Smoking or using other forms of tobacco can be used as an escape or a coping skill for many things that the holiday may bring. A few examples are:  family arguments, celebrations, escaping awkward conversations, feeling lonely, feeling stressed, feeling down about over spending,  managing over eating AND many more.


Let’s begin a conversation about how these things can have an impact and how to prepare:


How do you begin planning for these things and what kinds of tools do you use to make sure you stay on track with your tobacco-free goals?


Ready, set, Go!


Virginia Fitch-Braun, MS

NDC Counselor/CTTS




Big Tobacco Wins

Posted by NDC.Treatment.Team Nov 28, 2018

The single most effective way to reduce smoking is to increase the price of tobacco. Raising the cost of a pack of cigarettes increases the likelihood that a person will stop smoking, reduces the risk of relapse among people who have stopped, and maybe most importantly, reduces the likelihood that young people will start smoking.  Many health organizations such as the American Lung Association and the World Health Organization recommend increasing cigarette taxes as a basic tenet to reduce smoking rates and to decrease the health costs associated with smoking.


On November 6 two states, Montana and South Dakota, had initiatives on the ballot to raise the cigarette tax, and to use that revenue to increase access and affordability for health insurance.  Despite the proven benefit to health that passage could have had, big tobacco went all out to defeat these measures.  Altria/Phillip Morris and Reynolds America spent more than $17 for every man, woman, and child in Montana, and over $24 million dollars in total, in both states with a combined population of less than 2 million.   


Their big money campaign won, the initiatives were defeated, and the citizens of Montana and South Dakota lost. Big tobacco makes many claims to have ‘changed’, but they have not! They still prioritize their profits over the health of our nation.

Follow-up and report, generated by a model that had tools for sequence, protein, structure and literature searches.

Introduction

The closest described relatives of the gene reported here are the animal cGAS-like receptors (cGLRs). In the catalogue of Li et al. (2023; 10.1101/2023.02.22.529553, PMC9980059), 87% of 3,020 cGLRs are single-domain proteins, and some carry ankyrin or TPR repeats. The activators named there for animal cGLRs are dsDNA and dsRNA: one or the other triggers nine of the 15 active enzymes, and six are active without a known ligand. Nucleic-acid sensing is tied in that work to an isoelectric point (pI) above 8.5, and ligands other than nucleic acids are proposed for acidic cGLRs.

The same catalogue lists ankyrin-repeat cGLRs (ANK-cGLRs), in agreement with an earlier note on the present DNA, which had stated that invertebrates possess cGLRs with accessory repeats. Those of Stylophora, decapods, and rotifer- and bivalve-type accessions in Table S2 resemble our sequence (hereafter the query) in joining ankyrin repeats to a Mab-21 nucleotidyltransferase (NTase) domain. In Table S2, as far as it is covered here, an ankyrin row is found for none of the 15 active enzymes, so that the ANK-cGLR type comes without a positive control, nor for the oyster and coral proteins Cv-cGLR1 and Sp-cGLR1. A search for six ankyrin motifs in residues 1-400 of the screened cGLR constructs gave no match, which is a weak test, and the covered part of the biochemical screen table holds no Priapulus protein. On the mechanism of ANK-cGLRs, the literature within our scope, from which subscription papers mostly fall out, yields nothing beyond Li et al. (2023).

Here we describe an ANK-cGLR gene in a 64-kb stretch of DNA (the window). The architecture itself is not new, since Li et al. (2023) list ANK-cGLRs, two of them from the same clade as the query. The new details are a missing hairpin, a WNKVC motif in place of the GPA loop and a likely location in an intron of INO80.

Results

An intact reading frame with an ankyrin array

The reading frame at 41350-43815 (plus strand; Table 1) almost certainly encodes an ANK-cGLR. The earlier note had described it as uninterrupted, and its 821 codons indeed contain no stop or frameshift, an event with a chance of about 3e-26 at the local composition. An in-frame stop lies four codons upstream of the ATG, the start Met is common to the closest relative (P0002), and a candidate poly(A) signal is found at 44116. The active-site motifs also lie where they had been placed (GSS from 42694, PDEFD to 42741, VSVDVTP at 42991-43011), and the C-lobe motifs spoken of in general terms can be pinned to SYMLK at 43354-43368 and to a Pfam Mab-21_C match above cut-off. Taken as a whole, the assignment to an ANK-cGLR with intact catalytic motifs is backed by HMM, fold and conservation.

Virginia Fitch-Braun, MS

NDC Counselor/CTTS

The holidays are just around the corner, and as you navigate your way to a smoke-free life, sometimes this time of year can be particularly daunting for a multitude of reasons.  While the holidays are often characterized in terms of enjoyment and togetherness, the inevitable “nuts and bolts” of the holidays can be rough for many people.  The November and December holiday celebrations, parties, and the like can often be quite difficult as we deal with family members, financial concerns, and/or the inevitably busy schedules of this time of year.


For those quitting tobacco, the stresses of this time of year can seem even harder. While quitting tobacco involves looking at the addiction component, it also involves making huge behavioral changes.  These changes are often the most difficult, as it involves really looking at those parts of your life that can be the most troublesome when quitting tobacco – and considering how to handle them now as a non-smoker.  These moments are often more “front and center” at the holidays than perhaps any other time of the year.